International House (1933 film)

From Wikipedia, the free encyclopedia
Jump to navigation Jump to search
International House
Directed by A. Edward Sutherland
Produced by Emanuel Cohen
Screenplay by Walter DeLeon
Francis Martin
Story by Neil Brant
Louis E. Heifetz
Starring Peggy Hopkins Joyce
W. C. Fields
Bela Lugosi
George Burns
Gracie Allen
Cab Calloway
Baby Rose Marie
Music by Ralph Rainger
Howard Jackson
John Leipold
J. Russel Robinson
Al Morgan
Cinematography Ernest Haller
Distributed by Paramount Pictures
Release date
  • May 27, 1933 (1933-05-27)
Running time
70 minutes
Country United States
Language English

International House is a 1933 American pre-Code comedy film starring Peggy Hopkins Joyce and W. C. Fields, directed by A. Edward Sutherland and released by Paramount Pictures. The tagline of the film was "The Grand Hotel of comedy". It is a mixture of comedy and musical acts tied together by a slim plot line, in the style of the Big Broadcast pictures that were also released by Paramount during the 1930s. In addition to some typical comedic lunacy from W. C. Fields and Burns and Allen, it provides a snapshot of some popular stage and radio acts of the era. The film includes some risqué pre-Code humor.


After an introductory sequence set in Shanghai, the setting shifts over 200 miles away to the International House, a large hotel in metropolitan Wuhu, China ("Wuhu" also serves as a pun on "Woo-hoo!", an exclamation which at that time was sometimes used to comment that something was sexually naughty or gay).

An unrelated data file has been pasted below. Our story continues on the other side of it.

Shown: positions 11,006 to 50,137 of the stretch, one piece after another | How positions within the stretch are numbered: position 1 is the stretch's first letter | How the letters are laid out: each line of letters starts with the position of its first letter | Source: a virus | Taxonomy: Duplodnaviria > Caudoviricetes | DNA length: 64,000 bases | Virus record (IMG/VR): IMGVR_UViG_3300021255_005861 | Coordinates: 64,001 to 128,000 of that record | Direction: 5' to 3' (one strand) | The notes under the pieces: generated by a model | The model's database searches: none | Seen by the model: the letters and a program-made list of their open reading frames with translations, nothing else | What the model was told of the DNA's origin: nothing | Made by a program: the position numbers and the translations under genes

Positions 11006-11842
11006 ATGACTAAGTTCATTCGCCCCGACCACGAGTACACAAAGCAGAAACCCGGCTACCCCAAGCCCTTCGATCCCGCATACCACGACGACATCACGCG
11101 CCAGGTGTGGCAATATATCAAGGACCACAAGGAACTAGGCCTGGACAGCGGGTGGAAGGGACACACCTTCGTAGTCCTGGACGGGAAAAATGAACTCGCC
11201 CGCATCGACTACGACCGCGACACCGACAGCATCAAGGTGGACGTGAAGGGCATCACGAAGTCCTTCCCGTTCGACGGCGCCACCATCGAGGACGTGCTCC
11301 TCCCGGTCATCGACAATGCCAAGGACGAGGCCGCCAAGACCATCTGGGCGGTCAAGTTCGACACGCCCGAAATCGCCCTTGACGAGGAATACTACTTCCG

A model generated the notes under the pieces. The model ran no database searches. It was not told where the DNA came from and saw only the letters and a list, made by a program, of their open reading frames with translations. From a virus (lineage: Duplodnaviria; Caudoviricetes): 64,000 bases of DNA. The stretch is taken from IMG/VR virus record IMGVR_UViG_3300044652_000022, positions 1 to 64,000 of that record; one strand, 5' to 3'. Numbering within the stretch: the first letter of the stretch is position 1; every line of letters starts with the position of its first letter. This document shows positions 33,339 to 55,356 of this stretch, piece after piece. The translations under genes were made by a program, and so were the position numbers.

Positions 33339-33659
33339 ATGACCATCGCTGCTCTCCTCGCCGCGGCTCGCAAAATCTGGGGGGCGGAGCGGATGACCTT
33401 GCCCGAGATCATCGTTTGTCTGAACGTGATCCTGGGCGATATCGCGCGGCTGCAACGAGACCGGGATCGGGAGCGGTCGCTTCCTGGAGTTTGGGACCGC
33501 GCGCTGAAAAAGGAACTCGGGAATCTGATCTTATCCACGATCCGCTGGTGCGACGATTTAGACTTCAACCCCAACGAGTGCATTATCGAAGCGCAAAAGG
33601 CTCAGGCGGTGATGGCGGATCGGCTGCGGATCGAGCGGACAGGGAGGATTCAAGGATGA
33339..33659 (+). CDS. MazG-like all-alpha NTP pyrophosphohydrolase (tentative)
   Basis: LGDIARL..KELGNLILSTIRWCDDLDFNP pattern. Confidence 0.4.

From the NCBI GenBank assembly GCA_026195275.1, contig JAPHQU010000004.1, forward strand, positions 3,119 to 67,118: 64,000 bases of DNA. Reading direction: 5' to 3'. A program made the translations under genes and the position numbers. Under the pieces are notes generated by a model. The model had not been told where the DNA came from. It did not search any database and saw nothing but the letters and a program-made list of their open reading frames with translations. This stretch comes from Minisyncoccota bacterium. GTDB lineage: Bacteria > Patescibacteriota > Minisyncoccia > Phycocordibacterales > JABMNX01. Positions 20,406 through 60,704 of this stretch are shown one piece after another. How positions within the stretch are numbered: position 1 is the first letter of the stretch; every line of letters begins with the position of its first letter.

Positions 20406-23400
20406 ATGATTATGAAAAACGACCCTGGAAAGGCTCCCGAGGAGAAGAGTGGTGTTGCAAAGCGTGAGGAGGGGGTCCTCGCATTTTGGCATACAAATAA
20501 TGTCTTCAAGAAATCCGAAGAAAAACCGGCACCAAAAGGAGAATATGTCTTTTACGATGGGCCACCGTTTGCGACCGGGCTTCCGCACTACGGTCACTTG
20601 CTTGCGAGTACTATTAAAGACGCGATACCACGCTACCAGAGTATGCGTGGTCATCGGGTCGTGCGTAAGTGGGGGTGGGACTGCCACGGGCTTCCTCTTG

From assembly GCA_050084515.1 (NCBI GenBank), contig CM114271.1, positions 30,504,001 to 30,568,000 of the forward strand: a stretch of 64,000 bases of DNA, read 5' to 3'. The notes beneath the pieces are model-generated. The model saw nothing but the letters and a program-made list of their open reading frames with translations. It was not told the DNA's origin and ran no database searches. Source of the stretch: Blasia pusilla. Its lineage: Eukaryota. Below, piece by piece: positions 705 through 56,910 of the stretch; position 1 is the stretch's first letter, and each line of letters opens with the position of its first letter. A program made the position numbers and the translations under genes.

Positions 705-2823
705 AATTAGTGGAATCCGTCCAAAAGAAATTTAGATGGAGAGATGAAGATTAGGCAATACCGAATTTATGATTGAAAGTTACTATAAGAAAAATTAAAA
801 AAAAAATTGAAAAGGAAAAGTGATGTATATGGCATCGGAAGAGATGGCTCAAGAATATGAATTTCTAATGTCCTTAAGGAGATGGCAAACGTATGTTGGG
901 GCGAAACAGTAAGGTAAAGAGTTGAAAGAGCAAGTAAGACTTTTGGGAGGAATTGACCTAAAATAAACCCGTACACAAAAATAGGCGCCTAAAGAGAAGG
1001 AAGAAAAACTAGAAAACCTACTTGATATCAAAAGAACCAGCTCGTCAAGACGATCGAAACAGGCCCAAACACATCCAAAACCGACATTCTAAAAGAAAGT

The unifying plot line concerns Chinese inventor Dr. Wong (Edmund Breese) soliciting bids for the rights to his "radioscope", a kind of television. Unlike real television, his Art Deco contraption does not need a camera; it can look in on events anywhere in the world as if it were a ground-penetrating electronic telescope, complete with audio.

Prof. Henry R. Quail (W. C. Fields) is one of many people from around the world converging on the hotel, though he is one of the few not hoping to buy (or steal) Dr. Wong's invention, as he was intending to land in Kansas City in his autogyro but flew off-course. Other plot threads include four-times-divorced American celebrity Peggy Hopkins Joyce (playing herself) avoiding one of her ex-husbands, violently jealous Russian General Petronovich (Bela Lugosi); Tommy (Stuart Erwin), the representative of an American electric company, hoping to buy Wong's invention and finally wed his sweetheart Carol (Sari Maritza); resident physician Dr. Burns (George Burns) and his goofy aide Nurse Allen (Gracie Allen) dealing with a quarantine on the hotel; and the exasperation of the hotel's fussy and frustrated manager (Franklin Pangborn).

All of this is broken up by demonstrations of Dr. Wong's radioscope, as well as a floor show (featuring Sterling Holloway and Lona Andre) in the hotel's rooftop garden restaurant. Dr. Wong is particularly eager to look in on a six-day indoor bicycle race in New York, but instead brings in performances by popular crooner Rudy Vallée, bandleader-vocalist Cab Calloway, and precocious torch singer Baby Rose Marie (who won enduring fame through real television, three decades later, playing Sally on The Dick Van Dyke Show). The droll Stoopnagle and Budd, now-forgotten stars of a popular network radio comedy show, are also accorded a brief segment.

When the time comes to wrap up the proceedings, Tommy wins both the rights to the radioscope and his sweetheart, and Peggy Hopkins Joyce, having learned that Prof. Quail is a millionaire, quickly attaches herself to her next sugar daddy. The film ends with Prof. Quail and his new companion being chased as he drives his little American Austin automobile through several public areas of the hotel and down several flights of a fire escape before driving it back into the hold of his autogyro and taking off.





Pre-Code elements[edit]